One of the many European teams onboard for the Blitzkrieg Masters in Amsterdam is Team Tilted, a newer team ready to prove itself. Though honestly, it doesn't matter how 'new' a team is; one month is a long time to prepare for an event, especially after the practice exercised at qualifiers. Consisting of the following roster:  aerox, fanCy, dakkaz, jackis and RAIVZ are excited to prove themselves for the event. We reached out to the team and Boudewijn "aerox" Verleg happily let us in on a few replies in the upcoming interview.  1.) How are you preparing yourselves for the upcoming event, the first ever Battalion 1944 Major? We are a relatively new team, but have individually all been involved in the top end of different gaming scenes for several years now. That meant that we quickly identified our weak spots after just a few weeks of playing together. We’ve decided collectively to spend a few of the remaining weeks solely hammering out those weak spots with minimal work on areas of our game that we feel confident in.  After those weeks of fixing our issues, we hope to successfully integrate our improvements into our overall game-plan and focus all our efforts in the remaining weeks on molding everything we’ve learned into a cohesive whole and working on our game in general, as opposed to meticulous specifics.  2.) For how long has your team been waiting for an opportunity to play Battalion 1944 at this level? I don’t think we’ve necessarily ‘waited’ to play at this level. It’s a natural culmination of everything the players have been doing all along. Pretty much every player in our team has played at the top end of the scene from the get-go, so for us if we’re being very levelheaded, this is simply a LAN with all the top tier teams. No different than what you’d expect from any other top LAN. Obviously it carries extra prestige and an extra large incentive due to the sizeable cash prize, but at the end of the day we can just see it as a LAN. A LAN we want to perform at, mind you, but a LAN nonetheless.  3.) What are your goals heading into the event? What placing are you aiming at? There should only be one goal when heading into an event like this and that’s to win the whole thing. Anything less and you might as well not go. Having said that, as long as I’m pleased with our performances at the end of the LAN, it’s not that important where we finish up. We will give it our all and see where the chips will fall.  4.) What was your experience in the online qualifiers? Where there any negatives and positives you’d like to point out?  Overall, our experiences were okay. Due to the volatile nature of the game, with multiple players switching team and whatnot, it was very hard to make accurate seedings. I think that may have hindered a few teams down the line, but I do not envy the position of The Plays whatsoever; it’s a hard job to do.  Of course, the downside to online qualifiers, especially in a game as new as this with no demo system, was that there were ample opportunities for people to cheat their way into the qualifier. I’m not sure if anyone did, but the whole episode with nieSow certainly showed how flawed the concept of an online qualifier is. I understand why they did it, but I’d be remiss not to make mention of it.  5.) From the online qualifiers, what is your team’s judgement on the level of competition at this time in the title’s lifespan? How much room for improvement is there?  The competition, seemingly, is pretty high already. The game has been out for roughly 6 months and already there’s a very clear divide between skilled teams and lesser teams. I think the game will continue to evolve and so will the skill of the players. The early players of a game such as CoD 4, when contrasted with the players at the end of that game’s lifespan, look like they’re less skilled and I think that trend will be visible in Battalion as well. So I would say that I think there’s a lot of room for improvement because players always improve. People will find new ways to play the game, to use specific tricks and improve their aim. The game won’t stop evolving.  6.) If not yourselves, what teams form the top competition for the first place spot? I would expect to see CRG, Demise, Avenue, Entropy and EndPoint all be contenders for the title. All these teams have individual quirks that separate them from the pack and I think we will see those little things be the breakthrough in many of the games that will follow. Having said that, I have almost no information on the North American teams, so of course, they can come out swinging and surprise a lot of teams.  7.) Do you plan to keep competing in Battalion 1944 after the Major is finalized? As long as there’s something worth competing for, I will definitely keep playing. The problem is that this goes for many teams, so if there’s nothing to play for, we might see an exodus of teams and that would be catastrophic for the game. I just hope that Bulkhead has a clear vision for how they’re going to attract casuals, as that will be the lifeblood the game needs to keep going. Impressive LANs like this are nice to have, and as long as they keep coming people will keep playing, but I don’t know how sustainable it will be.  8.) How do you view the updates which have recently hit the title? Have they all been general improvements? Most of the updates have been very positive and have definitely added to the Battalion experience. The one thing that bothers me, however, is that Bulkhead seemingly subscribes to the Riot Games method of nerfing. Once they notice that a weapon is too strong, they nerf it into the ground and slowly build it up from there. Coupled with the economy system, long range weapons have been punished heavily and as a result, the meta dictates only a handful of weapons for both sides that can be seen as viable. Hopefully, these issues get addressed in the coming weeks.  9.) What would you change, if you could, in Battalion 1944 mechanics, maps and weapons?  I would overhaul the economy system, to where a coin will be given to a player for a kill and another coin will drop on the floor that you can pick up as is currently the norm. Maybe adjust the cost of weapons by 1.5 and maybe increase the kill rewards. If we take CS as a blueprint, if you’re stacked on money, you can buy a ridiculous arsenal for at least three, maybe even four rounds straight. In Battalion it’s not unfeasible to win six rounds in a row, lose one and then have to eco.  I would also change some of the nerfs to the sniper rifle. There were two major issues plaguing the weapon I feel. One of them was that the weapon was too accurate in mid-air when not fully zoomed in, and the other factor was that the gun zoomed in a bit too quick, which meant that when you would do a running jump, you would be fully zoomed in before you hit the apex of your jump. This made it too easy to fly around the map with the sniper and make it almost impossible to be countered, especially if you have good aim. Just the accuracy and the zoom in time alone would be perfect nerfs I feel.  The last thing I would change is having a look at the tagging system. When you invest so many coins into weaponry like a Kar or a sniper, you want to do damage, but I feel that tagging is happening too often. If you hit the arms or lower legs, sure, have it count as a tag. But just because the model is holding its arms in front of its body when aiming down the sights, doesn’t mean the rifler should be punished for hitting what would otherwise be a clean bodyshot.  10.) Any advice for those Battalion 1944 rosters which are struggling to reach the level of competition needed for the event?  Keep practising and either choose to fix your flaws or perfect your strong points. You can choose to play your opponents game, or your own and both have its perks. Just don’t try to hamfist a strategy that’s not working for you because you’ve seen other people succeed with it. Play to your own strengths or your opponents’ weaknesses and go from there.  It seems that many teams are neck-deep into preparations; everyone's 'hammering' their slate clean to maximise their chances for the event. Will Team Tilted manage to stomp out the other top EU competition? We'll find out at the event! Thanks again to aerox for the quick interview, specifically.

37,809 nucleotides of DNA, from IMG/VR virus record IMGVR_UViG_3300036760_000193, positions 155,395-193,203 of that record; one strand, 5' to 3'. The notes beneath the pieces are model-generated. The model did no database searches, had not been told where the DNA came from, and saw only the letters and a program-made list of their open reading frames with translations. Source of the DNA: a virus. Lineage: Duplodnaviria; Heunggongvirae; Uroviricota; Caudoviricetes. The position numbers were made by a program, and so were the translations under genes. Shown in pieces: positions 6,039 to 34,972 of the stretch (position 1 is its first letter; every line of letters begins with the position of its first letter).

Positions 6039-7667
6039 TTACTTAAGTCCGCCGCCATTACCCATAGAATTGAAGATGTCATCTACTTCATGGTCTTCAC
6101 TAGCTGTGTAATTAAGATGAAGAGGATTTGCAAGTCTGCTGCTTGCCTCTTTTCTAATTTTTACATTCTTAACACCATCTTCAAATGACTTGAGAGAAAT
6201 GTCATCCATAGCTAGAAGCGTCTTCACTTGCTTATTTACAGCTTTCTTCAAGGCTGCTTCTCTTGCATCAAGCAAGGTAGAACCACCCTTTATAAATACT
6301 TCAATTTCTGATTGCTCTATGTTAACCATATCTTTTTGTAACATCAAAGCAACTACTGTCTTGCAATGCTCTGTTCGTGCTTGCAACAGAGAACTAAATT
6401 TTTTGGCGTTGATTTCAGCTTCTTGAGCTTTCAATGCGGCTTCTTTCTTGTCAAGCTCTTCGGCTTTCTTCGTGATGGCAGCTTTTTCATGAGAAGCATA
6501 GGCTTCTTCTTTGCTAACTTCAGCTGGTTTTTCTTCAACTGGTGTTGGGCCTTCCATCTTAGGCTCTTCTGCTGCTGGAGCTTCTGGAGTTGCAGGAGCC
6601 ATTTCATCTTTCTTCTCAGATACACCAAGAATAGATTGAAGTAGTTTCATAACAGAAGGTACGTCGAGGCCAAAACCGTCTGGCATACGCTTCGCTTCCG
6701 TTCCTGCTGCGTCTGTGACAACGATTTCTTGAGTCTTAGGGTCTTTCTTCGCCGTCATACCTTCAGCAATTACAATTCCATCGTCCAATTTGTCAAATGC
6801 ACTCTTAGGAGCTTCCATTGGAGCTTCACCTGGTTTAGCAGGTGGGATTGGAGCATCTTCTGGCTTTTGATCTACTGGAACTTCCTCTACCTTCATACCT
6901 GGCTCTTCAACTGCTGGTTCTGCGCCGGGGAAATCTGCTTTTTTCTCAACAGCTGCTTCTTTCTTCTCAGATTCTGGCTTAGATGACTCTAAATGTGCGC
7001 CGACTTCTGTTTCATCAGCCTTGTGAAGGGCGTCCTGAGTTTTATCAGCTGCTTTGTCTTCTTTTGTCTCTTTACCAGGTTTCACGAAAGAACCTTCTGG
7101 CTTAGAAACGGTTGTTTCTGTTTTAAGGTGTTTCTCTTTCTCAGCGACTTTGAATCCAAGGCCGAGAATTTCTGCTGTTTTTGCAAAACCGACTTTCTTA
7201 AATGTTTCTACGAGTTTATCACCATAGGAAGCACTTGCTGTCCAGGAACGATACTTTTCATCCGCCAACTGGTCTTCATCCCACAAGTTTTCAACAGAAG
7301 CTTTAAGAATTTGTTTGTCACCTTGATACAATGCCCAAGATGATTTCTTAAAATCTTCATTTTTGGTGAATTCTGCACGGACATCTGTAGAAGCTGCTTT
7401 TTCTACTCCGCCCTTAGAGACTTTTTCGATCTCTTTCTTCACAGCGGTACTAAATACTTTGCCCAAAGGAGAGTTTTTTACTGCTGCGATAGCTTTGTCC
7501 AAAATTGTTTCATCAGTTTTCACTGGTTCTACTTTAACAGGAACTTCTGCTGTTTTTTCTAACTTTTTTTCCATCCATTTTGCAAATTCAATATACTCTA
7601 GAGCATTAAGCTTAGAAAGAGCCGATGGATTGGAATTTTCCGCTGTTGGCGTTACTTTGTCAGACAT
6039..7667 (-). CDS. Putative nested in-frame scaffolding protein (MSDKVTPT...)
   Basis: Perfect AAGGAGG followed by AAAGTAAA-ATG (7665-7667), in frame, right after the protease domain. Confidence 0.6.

Sony Declining Cross-Play to a Cross Community - Why?